CAPE TOWN, South Africa, June 27 2020/ — The Unemployment Insurance Fund (UIF) is committed to pay millions of workers their relief payments under the COVID-19 TERS until the end of June, 2020.
“We remain committed to pay the TERS Benefits till June 2020 as per the initial Directive of 26 March 2020. The benefits will continue to be paid to eligible employees as set out in COVID-19 Directives of April, May and June 2020 and will be paid according to the same benefits structure of the income replacement rate varying between 38% and 60%”, said Employment and Labour Minister Thulas Nxesi.
The Fund has also committed to ensure that applications received in April and May that have been registered in the system will still be processed and paid once all the relevant documents and information has been received. In cases of claims that have been declined because of lack of proper documentation, the Fund is committed to pay as soon as this information has been received.
The Fund has made significant progress in the payment of May applications. As of 24 June 2020, the Fund has paid R8,4-billion (R 8 401 750 767.94) to 149 120 employers who submitted applications on behalf of 2 037 458 employees. In total, UIF has disbursed close to R28-billion (R27 717 930,315.10) since 16 April 2020.
The payments were intended as a stop gap measure for a period of three months or until such time that lockdown restrictions were eased and the economy slowly re-opened.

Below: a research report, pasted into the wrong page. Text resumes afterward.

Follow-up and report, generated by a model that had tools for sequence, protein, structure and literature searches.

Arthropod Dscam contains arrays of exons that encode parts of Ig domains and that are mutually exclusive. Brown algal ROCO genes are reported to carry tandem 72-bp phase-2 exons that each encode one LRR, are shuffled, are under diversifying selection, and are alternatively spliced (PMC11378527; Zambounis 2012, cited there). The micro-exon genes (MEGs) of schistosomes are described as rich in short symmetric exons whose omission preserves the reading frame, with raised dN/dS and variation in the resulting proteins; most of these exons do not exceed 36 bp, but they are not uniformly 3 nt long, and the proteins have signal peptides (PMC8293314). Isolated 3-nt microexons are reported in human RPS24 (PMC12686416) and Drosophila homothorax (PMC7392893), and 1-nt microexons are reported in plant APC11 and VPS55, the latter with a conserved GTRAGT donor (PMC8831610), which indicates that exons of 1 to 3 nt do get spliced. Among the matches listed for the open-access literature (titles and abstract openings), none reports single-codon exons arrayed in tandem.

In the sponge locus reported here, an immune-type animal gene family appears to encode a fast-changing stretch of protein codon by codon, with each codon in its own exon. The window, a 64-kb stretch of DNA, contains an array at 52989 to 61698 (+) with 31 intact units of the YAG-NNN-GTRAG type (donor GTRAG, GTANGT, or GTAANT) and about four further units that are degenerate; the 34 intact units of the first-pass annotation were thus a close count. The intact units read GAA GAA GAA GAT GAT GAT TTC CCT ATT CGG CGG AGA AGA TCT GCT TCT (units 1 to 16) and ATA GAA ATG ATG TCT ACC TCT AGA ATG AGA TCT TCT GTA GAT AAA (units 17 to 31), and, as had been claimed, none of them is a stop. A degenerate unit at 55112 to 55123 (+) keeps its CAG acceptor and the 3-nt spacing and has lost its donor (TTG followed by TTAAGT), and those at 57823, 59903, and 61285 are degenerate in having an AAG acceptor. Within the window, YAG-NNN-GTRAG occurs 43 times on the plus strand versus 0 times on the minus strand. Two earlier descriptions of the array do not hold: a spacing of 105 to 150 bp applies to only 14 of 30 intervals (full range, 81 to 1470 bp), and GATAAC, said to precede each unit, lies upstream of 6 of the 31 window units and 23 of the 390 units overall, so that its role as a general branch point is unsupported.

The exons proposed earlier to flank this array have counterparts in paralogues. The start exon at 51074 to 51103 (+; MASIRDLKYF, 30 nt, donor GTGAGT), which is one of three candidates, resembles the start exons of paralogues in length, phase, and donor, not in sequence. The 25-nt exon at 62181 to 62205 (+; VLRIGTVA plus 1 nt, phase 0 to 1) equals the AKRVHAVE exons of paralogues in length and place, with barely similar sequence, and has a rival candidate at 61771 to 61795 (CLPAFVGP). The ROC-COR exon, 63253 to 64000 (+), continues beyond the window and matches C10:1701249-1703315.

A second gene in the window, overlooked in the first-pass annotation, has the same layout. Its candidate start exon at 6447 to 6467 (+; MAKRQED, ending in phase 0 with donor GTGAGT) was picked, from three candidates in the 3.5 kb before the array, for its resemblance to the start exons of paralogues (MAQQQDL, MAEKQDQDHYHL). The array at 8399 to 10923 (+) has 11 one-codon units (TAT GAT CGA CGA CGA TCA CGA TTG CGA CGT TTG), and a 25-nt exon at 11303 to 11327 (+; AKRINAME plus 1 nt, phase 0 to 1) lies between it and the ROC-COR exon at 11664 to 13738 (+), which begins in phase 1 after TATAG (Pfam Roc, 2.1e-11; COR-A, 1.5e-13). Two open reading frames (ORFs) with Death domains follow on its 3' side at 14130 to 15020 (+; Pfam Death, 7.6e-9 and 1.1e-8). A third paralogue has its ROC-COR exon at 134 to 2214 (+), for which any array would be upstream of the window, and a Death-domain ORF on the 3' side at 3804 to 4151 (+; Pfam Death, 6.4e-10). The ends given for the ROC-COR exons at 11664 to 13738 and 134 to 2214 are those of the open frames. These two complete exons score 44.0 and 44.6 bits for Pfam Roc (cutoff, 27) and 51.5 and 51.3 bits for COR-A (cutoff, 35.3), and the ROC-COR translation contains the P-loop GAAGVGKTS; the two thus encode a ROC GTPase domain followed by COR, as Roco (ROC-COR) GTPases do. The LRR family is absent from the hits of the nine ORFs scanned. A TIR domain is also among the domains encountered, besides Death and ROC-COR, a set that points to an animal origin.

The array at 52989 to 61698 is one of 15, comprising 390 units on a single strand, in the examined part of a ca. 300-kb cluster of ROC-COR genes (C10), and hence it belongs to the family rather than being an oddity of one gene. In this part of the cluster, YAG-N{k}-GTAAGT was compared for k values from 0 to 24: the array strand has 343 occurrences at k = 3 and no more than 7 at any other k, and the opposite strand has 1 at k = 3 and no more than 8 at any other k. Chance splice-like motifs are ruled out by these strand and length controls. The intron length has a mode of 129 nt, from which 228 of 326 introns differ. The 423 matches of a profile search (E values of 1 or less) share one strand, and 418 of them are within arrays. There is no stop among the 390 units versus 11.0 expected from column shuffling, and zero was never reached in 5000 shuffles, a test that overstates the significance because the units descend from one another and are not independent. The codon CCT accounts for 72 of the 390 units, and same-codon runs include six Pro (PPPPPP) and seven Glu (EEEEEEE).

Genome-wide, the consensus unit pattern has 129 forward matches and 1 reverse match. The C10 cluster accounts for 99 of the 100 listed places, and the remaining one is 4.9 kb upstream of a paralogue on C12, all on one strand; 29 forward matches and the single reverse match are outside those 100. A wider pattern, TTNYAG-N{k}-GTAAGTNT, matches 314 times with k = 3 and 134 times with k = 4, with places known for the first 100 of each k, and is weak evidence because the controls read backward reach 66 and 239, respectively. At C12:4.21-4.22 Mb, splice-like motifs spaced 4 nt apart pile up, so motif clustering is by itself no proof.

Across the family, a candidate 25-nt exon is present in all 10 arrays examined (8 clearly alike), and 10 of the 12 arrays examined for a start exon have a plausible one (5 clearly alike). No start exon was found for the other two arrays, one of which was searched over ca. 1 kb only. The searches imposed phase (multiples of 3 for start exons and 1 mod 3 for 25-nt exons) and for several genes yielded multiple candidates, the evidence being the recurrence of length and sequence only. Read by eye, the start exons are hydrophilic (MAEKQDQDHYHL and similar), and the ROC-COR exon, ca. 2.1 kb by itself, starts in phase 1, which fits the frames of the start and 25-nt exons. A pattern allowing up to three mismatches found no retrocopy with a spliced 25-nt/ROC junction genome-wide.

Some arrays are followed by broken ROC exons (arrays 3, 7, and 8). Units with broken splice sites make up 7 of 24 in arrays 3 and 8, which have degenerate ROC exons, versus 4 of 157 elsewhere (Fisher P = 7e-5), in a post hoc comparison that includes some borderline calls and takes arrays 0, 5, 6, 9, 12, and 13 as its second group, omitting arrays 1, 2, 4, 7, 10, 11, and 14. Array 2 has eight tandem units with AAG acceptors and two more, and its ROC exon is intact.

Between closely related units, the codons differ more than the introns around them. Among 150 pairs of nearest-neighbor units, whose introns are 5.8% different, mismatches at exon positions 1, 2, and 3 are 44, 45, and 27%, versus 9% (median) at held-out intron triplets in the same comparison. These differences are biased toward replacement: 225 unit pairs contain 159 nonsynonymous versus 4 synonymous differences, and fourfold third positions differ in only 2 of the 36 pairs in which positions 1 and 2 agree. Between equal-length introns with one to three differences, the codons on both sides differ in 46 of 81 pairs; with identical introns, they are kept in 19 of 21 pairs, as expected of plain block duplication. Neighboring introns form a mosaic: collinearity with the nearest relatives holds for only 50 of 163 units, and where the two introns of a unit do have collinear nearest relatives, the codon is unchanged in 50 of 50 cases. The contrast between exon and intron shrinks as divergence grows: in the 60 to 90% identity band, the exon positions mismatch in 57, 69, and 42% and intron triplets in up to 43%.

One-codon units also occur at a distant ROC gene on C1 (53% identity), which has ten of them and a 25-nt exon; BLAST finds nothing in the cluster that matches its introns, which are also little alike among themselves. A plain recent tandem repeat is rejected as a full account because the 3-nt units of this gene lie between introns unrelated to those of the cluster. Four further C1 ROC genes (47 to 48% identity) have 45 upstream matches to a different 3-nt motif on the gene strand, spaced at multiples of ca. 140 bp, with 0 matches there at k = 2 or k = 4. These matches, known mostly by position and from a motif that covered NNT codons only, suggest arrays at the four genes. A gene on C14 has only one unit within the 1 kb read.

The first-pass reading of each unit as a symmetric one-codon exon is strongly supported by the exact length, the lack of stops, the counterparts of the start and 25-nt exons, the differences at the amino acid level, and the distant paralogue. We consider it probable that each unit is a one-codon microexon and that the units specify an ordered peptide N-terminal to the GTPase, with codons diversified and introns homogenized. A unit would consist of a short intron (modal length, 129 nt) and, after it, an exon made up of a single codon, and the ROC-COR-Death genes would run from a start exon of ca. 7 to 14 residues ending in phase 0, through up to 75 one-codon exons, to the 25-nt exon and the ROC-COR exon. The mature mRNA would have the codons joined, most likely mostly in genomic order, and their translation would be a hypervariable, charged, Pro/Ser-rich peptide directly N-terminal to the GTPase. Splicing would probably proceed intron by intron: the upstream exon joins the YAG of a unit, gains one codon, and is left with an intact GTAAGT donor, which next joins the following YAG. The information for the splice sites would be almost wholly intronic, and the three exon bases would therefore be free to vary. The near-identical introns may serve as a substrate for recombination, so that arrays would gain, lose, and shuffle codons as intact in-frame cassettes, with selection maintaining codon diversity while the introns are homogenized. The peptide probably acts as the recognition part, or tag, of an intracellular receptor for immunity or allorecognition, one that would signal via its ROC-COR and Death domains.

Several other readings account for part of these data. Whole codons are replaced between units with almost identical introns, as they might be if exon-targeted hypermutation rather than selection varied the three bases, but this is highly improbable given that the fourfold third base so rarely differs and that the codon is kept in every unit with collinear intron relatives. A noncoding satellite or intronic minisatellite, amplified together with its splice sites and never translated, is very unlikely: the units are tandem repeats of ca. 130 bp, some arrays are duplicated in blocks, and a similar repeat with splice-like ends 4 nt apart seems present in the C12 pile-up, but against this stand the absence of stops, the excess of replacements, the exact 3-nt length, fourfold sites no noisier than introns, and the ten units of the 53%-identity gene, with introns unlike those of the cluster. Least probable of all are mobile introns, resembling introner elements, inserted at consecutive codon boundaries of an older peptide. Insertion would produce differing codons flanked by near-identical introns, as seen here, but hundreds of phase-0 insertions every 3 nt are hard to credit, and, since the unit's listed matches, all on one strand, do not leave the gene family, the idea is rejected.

“The payments by the UIF should be seen in the context of government-wide basket of services and interventions to ease the burden of the coronavirus. In the process, and because this is unprecedented, a few mistakes occurred but detractors fail to see the magnitude of the work that has been done and the relief that it has brought to many people in our country.
“Using the measure that one beneficiary is responsible for eight others, the amount of money that has been distributed has covered at least 14-million people in this round of May payments alone. This is a real difference in the lives of workers and is evidence to government’s commitment to make a real difference,” said Employment and Labour Minister Thulas Nxesi.
A fairly sizable amount of R770-million has been paid directly into the bank accounts of the workers instead of being paid through their employers even though the employers lodged the claims on behalf of workers.
The cumulative figure since April that has been paid as relief payments to domestic workers stands at R135-million while a total of R639-million has been paid to workers of foreign nationality.
At the same time, the total benefits amount for ordinary claims has increased over the comparative period by 1.6 percent to R3.3-billion from R3.2-billion.
Unfortunately, 965 751 employees have been unable to receive their benefits because of outstanding information from their employers. This translates to R4.2-billion (R4 201 562 681.30) in payments that has not been paid out and a further 1197 employees have not been paid because the details were rejected by the banks and this amounts to R703 999.25.